Like baseball caps for houses, window awnings block the sun’s harsh rays for infinitely more pleasant summer days. They’re generally made of fabric stretched on a frame, and come in a vast range of styles: stationary or retractable, dome-shaped or rectangular, open or enclosed with sides, off-the-shelf or custom-made. And then there are the valence styles: wavy, arched, serpentine, Greek key, and straight edge are a few choices.
So how do you choose? The awnings we like best are jaunty and hopefulâ€”they speak to us of cool breezes and lazy seaside afternoons. We’ve rounded up 10 of our favorite styles, in both striped and solid fabrics:
Above: Cedar Baldridge, owner and principal at Baldridge Landscape, chose Spear Awnings (named for their spear-like supports) with classic peaked valences in Dickson Gray fabric for a Houston-area house. About $1,200 to $1,600 each, from Baldridge Landscape.
Above: For a more tailored look, choose a solid fabric with a straight valence. Shown here, David John and Krista Schrock of DISC Interiors designed a custom purple spear awning made of Sunbrella fabric to shade a garage-turned-garden-room in West Los Angeles. For information and prices, see Van Nuys Awning.
Above: A 25-inch-deep Coolaroo Designer Awning has powder-coated aluminum side bars and comes in three widths. From Wayfair, starting at $148. Photograph by Eric Roth.
Above: A black Spear Awning with an exaggerated Greek key valence was installed above the doors of Houston designer Mary Jane Gallagherâ€™s guest house, at a cost of about $2,200. For more information, see W.K. Hill Awnings. Photograph by Kim Etheridge.
Above: Open-End Awnings give a facade a breezy, modern look. For this house in Bel Air, CA, A. Hoegee & Sons fabricated custom awnings at a cost of about $600 per window. For more information, see A. Hoegee & Sons.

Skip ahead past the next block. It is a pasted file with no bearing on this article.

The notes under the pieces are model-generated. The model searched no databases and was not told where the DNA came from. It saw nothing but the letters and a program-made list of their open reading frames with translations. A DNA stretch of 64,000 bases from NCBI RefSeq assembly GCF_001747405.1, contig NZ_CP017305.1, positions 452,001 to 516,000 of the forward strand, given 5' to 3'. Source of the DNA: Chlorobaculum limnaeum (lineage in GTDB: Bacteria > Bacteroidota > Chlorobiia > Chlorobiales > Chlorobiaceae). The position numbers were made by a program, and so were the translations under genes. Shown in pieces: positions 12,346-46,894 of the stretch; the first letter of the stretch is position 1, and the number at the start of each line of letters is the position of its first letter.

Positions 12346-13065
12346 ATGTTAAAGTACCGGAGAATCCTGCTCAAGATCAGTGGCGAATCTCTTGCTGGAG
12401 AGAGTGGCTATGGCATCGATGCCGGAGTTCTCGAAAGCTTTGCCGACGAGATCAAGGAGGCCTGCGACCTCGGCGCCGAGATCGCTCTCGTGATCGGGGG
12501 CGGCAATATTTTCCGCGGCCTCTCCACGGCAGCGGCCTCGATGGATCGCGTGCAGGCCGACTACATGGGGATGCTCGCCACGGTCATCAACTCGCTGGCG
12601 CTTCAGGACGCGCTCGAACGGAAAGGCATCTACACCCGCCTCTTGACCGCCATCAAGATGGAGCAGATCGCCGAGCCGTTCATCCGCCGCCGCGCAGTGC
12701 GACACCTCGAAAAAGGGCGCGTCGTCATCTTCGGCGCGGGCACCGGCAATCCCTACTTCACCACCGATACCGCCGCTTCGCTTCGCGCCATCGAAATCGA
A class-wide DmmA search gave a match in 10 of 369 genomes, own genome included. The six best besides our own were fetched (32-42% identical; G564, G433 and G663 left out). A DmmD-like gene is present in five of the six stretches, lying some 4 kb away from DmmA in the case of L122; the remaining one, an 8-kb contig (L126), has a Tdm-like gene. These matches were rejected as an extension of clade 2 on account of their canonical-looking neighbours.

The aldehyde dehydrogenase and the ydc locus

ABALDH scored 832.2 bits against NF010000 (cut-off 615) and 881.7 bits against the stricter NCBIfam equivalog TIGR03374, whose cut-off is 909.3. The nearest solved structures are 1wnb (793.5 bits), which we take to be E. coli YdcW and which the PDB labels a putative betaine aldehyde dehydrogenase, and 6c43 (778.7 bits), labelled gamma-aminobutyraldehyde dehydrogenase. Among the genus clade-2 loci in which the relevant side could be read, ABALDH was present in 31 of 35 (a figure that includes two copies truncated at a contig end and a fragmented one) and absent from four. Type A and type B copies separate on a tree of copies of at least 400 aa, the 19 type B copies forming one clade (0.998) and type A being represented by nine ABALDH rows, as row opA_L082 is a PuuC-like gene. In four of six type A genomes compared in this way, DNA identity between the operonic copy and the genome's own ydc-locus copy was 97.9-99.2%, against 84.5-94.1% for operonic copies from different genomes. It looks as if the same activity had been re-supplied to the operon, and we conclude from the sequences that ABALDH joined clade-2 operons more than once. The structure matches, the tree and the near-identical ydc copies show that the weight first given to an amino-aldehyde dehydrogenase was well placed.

Above: The Awntech Dallas Retro Window/Entry Awning has a classic valence and can be ordered in more than two dozen striped and solid fabrics, in widths from 3 feet to 50 feet. Shown in gray fabric on an aluminum frame; from $170 to $3,360 from Home Depot.
Above: At the Hotel Saint Cecilia in Austin, Texas, an open-end striped awning with a shallow wave valence shades a courtyard. For more information, see Landscape Architect Visit: The Hotel Saint Cecilia.
Above: A retractable open-end slant awning can be mounted inside or outside a window frame. These SunGuard Topaz Awnings from KE Durasol Awnings Inc. are available for windows up to 16 feet wide. For more information and prices, see Durasol.
Above: Enclosed awnings block more sun and glare than open-end awnings. Husteadâ€™s Canvas Creations used natural-colored Sunbrella fabric on Pull-Down Frame Awnings for this beach house in Norfolk, Virginia.
Above: A scalloped wave valence with white piping detail edges the enclosed Coolaroo Traditional Awning, available in four colors, including ebony. They’re available from Wayfair for $165 to $238, depending on width.
Above: If you prefer a rounded silhouette to a straight slant awning, a Dutch Canopy has a segmented frame that folds up when it’s not needed. This one was installed on a house in Bosham, West Sussex, UK. For more information, see Richards Blinds.
Above: Convex in shape, Awntech’s Savannah Window/Entry Awning quarter-barrel awning is stretched across an aluminum frame. An 8-foot-wide version is $633 from Home Depot.
Looking to provide shade (or privacy) from the inside? Read Michelle’s groundbreaking Domestic Dispatches: 5 Ways to Cover 50 Windows on a Budget. Find more exterior shade solutions over on Remodelista, with Julie’s Design Sleuth: Shade Sails.